By Chris Zink DVM PhD DACVSMR
The Mirror Mark Test
This test, first published in the 70’s, was thought by many to be the definitive test for determining whether an animal had the most basic of self-concepts – the ability to recognize that it has a body (1). The test is quite simple – place an animal in front of a mirror and watch how it behaves. Once the animal is used to the mirror, put a mark on part of its body that cannot be viewed without the aid of the mirror, such as under its chin. Now observe whether the animal is curious about the mark and whether it recognizes that the mark is not part of itself by scratching at it, for example.
We’ve all seen what dogs do in front of mirrors. They bark at the dog, they might go up and sniff at the dog’s reflection, but they don’t seem to recognize the dog as themselves. In fact, the ability to recognize “self” takes time to develop – humans don’t pass this test until they are about 2 years old.
Over time, however, some scientists have felt that this test wasn’t a sufficient demonstration of the concept of “self,” because it depended solely on the animal’s vision. What if some animals used other senses, such as scent or touch to recognize “self?” For example, in one study dogs investigated their own odors longer than those of other dogs in a type of “olfactory mirror” test (2).
The ‘Body As An Obstacle’ Test
In this test, toddlers that are sitting on a blanket are asked to pick up the blanket and give it to someone. As with the mirror test, until they are about 2 years of age, toddlers don’t realize that they have to actually get off the blanket to hand it over, suggesting that they have no concept of themselves as a physical being (3).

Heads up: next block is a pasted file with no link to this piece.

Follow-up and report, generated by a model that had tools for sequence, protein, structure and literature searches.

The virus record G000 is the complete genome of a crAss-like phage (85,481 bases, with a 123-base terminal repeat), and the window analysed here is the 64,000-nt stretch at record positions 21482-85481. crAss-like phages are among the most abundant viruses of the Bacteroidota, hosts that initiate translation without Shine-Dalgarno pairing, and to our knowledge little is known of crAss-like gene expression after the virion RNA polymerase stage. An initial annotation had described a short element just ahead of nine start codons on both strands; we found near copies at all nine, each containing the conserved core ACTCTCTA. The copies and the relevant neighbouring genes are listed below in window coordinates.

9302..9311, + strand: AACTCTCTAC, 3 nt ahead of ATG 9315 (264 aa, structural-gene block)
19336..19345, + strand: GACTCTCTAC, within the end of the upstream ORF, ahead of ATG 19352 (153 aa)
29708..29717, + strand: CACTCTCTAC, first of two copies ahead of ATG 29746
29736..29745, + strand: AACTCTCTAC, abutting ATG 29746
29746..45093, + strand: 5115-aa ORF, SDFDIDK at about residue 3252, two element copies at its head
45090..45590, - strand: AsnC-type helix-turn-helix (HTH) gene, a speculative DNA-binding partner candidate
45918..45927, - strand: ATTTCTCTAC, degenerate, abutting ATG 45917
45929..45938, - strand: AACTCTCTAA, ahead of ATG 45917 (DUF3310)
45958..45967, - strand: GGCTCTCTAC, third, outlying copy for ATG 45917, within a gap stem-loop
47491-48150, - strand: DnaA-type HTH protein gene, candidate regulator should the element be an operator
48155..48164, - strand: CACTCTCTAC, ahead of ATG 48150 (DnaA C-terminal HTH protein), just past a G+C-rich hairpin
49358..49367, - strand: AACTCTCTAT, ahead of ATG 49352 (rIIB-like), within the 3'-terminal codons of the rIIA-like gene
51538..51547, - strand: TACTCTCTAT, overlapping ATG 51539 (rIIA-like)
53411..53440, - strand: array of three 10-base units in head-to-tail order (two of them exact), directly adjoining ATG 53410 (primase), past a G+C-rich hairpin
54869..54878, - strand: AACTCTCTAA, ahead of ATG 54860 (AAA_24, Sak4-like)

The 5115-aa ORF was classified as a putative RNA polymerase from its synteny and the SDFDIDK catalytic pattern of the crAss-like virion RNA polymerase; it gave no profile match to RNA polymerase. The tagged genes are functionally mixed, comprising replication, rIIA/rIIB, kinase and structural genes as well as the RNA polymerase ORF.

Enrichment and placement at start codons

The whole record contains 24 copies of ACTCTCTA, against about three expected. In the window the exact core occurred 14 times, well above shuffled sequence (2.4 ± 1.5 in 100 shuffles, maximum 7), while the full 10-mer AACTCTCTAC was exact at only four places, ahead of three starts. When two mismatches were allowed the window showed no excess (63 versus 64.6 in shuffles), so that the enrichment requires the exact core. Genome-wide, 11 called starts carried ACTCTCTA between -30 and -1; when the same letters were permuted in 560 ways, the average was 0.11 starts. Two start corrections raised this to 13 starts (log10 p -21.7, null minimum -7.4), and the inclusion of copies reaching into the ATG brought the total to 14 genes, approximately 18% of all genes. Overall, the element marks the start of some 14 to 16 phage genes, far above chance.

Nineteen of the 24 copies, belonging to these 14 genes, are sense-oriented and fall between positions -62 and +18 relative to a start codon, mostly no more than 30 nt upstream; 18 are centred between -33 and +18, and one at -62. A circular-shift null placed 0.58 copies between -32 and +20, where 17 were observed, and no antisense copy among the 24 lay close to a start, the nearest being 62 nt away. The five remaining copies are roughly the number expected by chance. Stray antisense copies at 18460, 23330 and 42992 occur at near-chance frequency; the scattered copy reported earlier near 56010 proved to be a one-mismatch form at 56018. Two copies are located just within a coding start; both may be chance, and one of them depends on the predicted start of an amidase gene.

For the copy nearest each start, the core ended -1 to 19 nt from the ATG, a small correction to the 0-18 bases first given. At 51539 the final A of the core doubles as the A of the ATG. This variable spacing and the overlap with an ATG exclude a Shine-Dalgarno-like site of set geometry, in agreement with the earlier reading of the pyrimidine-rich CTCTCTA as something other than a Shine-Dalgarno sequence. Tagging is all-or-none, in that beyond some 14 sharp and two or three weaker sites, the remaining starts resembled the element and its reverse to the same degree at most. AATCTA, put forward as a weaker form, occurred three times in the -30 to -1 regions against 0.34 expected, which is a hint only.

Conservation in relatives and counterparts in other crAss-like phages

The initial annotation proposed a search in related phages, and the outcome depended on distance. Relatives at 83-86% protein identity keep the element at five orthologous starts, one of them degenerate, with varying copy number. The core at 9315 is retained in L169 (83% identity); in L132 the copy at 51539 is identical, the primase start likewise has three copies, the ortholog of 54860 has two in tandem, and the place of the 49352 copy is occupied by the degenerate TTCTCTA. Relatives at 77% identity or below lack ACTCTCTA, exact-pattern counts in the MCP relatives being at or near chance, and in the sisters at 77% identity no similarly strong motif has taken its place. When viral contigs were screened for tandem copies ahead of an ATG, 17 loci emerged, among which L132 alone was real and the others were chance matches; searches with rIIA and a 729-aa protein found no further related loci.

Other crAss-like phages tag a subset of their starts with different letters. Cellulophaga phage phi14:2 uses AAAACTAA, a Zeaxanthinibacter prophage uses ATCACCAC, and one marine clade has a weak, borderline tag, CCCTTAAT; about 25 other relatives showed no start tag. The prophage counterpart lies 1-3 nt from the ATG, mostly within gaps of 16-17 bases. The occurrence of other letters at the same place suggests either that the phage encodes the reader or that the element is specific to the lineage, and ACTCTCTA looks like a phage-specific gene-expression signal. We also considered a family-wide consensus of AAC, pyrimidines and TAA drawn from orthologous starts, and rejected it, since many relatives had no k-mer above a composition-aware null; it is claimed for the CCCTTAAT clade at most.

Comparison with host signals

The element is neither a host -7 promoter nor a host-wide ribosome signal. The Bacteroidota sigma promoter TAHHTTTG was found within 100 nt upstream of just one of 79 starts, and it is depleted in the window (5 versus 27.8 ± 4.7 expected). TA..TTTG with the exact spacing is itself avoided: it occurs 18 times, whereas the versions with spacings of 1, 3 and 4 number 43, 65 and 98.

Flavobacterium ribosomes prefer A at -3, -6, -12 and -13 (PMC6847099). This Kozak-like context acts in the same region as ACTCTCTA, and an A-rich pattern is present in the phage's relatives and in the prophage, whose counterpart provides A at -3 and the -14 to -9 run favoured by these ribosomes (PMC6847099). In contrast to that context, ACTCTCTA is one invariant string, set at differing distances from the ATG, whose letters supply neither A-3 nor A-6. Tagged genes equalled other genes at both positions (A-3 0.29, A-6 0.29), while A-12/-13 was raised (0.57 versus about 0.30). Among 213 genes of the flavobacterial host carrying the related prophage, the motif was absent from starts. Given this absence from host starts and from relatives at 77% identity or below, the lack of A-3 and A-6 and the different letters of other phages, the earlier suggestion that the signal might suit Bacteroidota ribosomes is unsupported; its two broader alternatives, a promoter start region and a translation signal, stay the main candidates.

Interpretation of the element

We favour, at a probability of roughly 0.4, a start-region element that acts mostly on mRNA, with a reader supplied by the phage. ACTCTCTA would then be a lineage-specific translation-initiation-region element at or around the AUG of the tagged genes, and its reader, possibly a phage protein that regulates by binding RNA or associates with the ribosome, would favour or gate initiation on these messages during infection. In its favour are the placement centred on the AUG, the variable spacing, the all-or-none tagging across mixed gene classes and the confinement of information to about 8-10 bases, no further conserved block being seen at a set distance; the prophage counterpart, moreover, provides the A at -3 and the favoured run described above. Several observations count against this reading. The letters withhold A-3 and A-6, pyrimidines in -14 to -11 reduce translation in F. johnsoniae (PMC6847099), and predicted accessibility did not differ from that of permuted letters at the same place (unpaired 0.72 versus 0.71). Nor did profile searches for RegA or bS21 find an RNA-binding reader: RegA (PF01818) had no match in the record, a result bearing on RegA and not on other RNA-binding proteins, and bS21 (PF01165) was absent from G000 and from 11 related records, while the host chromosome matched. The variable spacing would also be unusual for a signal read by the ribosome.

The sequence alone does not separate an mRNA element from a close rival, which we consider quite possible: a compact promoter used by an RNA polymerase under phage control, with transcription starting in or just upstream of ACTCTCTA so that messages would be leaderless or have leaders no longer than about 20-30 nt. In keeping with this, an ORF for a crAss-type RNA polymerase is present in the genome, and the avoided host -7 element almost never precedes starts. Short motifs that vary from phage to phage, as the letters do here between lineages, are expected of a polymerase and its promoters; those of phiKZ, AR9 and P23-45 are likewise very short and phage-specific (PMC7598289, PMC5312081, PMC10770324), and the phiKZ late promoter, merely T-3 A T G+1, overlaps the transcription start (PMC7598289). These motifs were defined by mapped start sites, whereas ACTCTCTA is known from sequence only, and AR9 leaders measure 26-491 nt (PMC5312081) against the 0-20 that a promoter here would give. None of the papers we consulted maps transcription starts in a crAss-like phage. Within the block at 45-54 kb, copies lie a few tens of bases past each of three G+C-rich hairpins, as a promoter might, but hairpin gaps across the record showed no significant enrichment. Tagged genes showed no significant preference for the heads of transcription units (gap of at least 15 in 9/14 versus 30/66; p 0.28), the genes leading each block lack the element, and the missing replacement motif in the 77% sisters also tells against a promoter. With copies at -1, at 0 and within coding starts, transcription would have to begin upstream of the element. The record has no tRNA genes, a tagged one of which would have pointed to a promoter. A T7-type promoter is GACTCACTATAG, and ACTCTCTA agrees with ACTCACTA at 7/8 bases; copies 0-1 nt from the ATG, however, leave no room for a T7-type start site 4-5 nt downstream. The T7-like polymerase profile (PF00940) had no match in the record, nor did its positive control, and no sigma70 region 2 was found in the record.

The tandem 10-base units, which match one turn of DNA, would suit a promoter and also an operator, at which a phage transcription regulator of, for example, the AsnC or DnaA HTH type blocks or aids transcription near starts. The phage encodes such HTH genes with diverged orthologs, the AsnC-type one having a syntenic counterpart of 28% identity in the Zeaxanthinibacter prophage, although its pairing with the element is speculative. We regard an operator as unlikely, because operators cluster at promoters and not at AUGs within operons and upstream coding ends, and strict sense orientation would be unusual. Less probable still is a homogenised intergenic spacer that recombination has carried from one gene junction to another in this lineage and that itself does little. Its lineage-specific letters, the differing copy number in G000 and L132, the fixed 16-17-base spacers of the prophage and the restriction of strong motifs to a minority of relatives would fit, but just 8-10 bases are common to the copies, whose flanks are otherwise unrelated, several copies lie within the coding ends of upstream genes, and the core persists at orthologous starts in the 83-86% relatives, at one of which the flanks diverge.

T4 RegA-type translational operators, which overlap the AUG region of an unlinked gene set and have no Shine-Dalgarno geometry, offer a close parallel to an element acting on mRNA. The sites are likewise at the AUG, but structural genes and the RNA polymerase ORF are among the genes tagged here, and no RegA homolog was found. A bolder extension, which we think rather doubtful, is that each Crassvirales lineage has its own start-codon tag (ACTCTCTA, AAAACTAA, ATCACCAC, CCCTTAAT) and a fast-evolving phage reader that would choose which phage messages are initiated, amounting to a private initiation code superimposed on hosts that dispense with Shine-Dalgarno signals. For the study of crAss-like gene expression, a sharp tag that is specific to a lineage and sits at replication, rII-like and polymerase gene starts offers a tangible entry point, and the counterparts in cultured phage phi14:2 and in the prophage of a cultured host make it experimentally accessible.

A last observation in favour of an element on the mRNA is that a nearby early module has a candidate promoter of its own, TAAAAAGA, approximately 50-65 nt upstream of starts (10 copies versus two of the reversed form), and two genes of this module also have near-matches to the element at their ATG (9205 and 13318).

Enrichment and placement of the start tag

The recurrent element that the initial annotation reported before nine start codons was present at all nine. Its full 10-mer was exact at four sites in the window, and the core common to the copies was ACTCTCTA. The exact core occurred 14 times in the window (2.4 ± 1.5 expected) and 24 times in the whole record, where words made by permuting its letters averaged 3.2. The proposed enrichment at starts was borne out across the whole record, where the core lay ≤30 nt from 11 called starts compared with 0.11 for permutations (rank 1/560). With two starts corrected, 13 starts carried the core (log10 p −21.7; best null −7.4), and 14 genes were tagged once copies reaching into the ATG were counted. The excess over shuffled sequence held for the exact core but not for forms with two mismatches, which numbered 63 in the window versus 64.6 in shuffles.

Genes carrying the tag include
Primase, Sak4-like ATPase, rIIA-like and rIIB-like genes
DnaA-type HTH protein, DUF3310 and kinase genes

In the present study, this test was adapted to dogs. 32 dogs of different breeds and sizes were asked to pick up a ball that was attached to a mat on which they were standing and give it to their person (Figure). These results were compared to what happened when the ball was unattached to anything or when it was attached to the ground. Dogs consistently realized that they had to get off the mat to be able to pick up the ball, indicating that they had a concept of their own bodies as an impediment to the task.
The Body As An Obstacle experiment. Dogs figured out that they had to move off the mat to be able to hand the ball to their person, because the ball was attached to the mat.
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